Growing up, if I wanted to speak to someone, I would meet them face to face; if I needed to learn something, I would look it up in a book; and when I needed to get somewhere new, I would unfold a map.
Back then, I would never have guessed that, one day, all this and more could be done simply through a mobile phone. As the digital era strides forward, there’s no denying it is transforming the way we live and work. But I find myself asking whether we can confidently say as individuals and as a society that we are making the most of the opportunities it holds.
The EU referendum result sent a clear message that parts of the UK do not feel they are sharing fully in the promise of prosperity. And at a time when we urgently need to secure our position on the world stage, we must remember that increasingly future prosperity will depend on how well equipped we are to meet the pace of technological change. With the UK digital technology industry now creating jobs almost three times faster than the rest of the economy, we must ensure that the many, and not just the few, have the skills to access these types of opportunities.
Today, with the support of a wide range of contributors from the business, technology and scale-up sectors, we have launched The Barclays Digital Development Index, which seeks to understand how ready the UK workforce is for the digital economy, compared with its international rivals.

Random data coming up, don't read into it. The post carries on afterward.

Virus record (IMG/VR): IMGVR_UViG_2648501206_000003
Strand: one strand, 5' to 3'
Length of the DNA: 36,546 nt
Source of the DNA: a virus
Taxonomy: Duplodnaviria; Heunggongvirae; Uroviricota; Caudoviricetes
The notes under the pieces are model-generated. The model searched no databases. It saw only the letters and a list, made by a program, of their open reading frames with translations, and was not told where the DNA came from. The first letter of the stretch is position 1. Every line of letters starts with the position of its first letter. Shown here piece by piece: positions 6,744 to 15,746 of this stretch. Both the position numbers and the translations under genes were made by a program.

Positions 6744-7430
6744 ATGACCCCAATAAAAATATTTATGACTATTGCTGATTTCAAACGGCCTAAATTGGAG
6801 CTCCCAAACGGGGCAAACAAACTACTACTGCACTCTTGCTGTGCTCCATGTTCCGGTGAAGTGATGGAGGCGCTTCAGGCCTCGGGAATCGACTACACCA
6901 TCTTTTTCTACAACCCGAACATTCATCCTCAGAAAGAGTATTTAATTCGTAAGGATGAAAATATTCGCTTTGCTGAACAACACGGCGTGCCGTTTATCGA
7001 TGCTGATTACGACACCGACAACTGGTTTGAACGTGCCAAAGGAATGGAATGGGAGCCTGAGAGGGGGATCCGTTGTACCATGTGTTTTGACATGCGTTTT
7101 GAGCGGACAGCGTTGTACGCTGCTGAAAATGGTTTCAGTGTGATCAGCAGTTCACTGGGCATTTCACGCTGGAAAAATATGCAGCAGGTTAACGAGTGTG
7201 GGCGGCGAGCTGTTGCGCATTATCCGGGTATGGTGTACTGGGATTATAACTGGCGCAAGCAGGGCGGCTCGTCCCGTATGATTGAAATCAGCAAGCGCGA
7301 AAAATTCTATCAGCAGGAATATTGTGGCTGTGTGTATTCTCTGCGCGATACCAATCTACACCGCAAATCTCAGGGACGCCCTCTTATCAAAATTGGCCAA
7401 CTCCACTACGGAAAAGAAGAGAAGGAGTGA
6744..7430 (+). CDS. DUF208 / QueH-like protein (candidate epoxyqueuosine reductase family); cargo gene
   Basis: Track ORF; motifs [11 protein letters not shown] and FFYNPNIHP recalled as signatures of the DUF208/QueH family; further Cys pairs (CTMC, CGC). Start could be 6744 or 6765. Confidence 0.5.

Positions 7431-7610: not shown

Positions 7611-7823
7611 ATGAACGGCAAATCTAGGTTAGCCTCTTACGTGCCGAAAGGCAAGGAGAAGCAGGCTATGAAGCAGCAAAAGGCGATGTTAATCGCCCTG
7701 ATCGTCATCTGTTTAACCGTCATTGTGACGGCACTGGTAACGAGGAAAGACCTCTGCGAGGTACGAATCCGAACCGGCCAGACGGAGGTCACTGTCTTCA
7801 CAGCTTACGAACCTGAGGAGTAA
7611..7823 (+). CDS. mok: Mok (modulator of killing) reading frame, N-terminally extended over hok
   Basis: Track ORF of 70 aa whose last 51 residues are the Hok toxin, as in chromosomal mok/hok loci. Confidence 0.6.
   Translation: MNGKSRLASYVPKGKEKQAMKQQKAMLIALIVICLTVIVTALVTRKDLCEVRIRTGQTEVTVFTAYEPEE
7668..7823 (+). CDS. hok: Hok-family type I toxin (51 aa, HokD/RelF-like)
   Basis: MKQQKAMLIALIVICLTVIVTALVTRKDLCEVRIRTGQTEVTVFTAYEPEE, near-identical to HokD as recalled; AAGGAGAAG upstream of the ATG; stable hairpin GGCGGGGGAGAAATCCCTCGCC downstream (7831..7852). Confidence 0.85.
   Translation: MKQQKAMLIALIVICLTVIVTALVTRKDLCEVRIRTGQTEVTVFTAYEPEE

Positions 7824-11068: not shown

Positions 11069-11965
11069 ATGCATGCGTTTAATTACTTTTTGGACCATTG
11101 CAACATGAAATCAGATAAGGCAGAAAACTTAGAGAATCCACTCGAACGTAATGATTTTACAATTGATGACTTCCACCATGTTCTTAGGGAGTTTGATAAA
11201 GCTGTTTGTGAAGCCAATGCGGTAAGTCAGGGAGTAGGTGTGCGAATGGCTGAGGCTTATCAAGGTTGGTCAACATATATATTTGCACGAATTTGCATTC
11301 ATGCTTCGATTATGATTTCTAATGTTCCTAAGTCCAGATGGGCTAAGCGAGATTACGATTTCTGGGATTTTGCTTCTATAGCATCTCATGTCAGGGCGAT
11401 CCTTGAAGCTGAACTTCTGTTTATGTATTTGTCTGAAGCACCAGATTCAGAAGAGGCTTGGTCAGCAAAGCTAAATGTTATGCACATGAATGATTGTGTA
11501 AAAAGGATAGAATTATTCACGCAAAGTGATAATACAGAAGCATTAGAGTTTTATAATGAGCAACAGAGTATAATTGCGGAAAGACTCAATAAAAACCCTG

The good news is that the UK is punching above its weight in terms of policies to encourage digital upskilling. However, when it comes to individuals’ assessment of their own skills, the UK trails major economic rivals India, China and the US, coming in sixth place overall. So what can the UK do to ensure that the good work being done by policy-makers translates into digital empowerment for people at all levels of society?
UK efforts to date have focused largely on the extremes – either on encouraging advancement at the fast-growth and fintech end of the spectrum or on addressing digital exclusion – with limited emphasis on those who have basic digital literacy but may be just “getting by” online. The government has taken concrete steps to embed digital training in schools. It must also, though, help to ensure that the “forgotten middle” receive training in digital skills to avoid being left behind by rapid technological change.
An important part of this is workplace training – only 38 per cent of UK workers interviewed for our study said that their employer offers training in digital skills; this figure is considerably higher in China, the US (48 per cent in both) and India (67 per cent).
People need to be inspired to keep learning, and it must be easy for people to learn for themselves. There must also be flexibility and a range of learning channels.
Ensuring the UK has the digital skills and expertise to compete globally across all sectors and industries needs to be a collaborative effort. Ultimately businesses can only thrive if our society thrives too. Now is the time to leave no one behind and take charge of our digital future.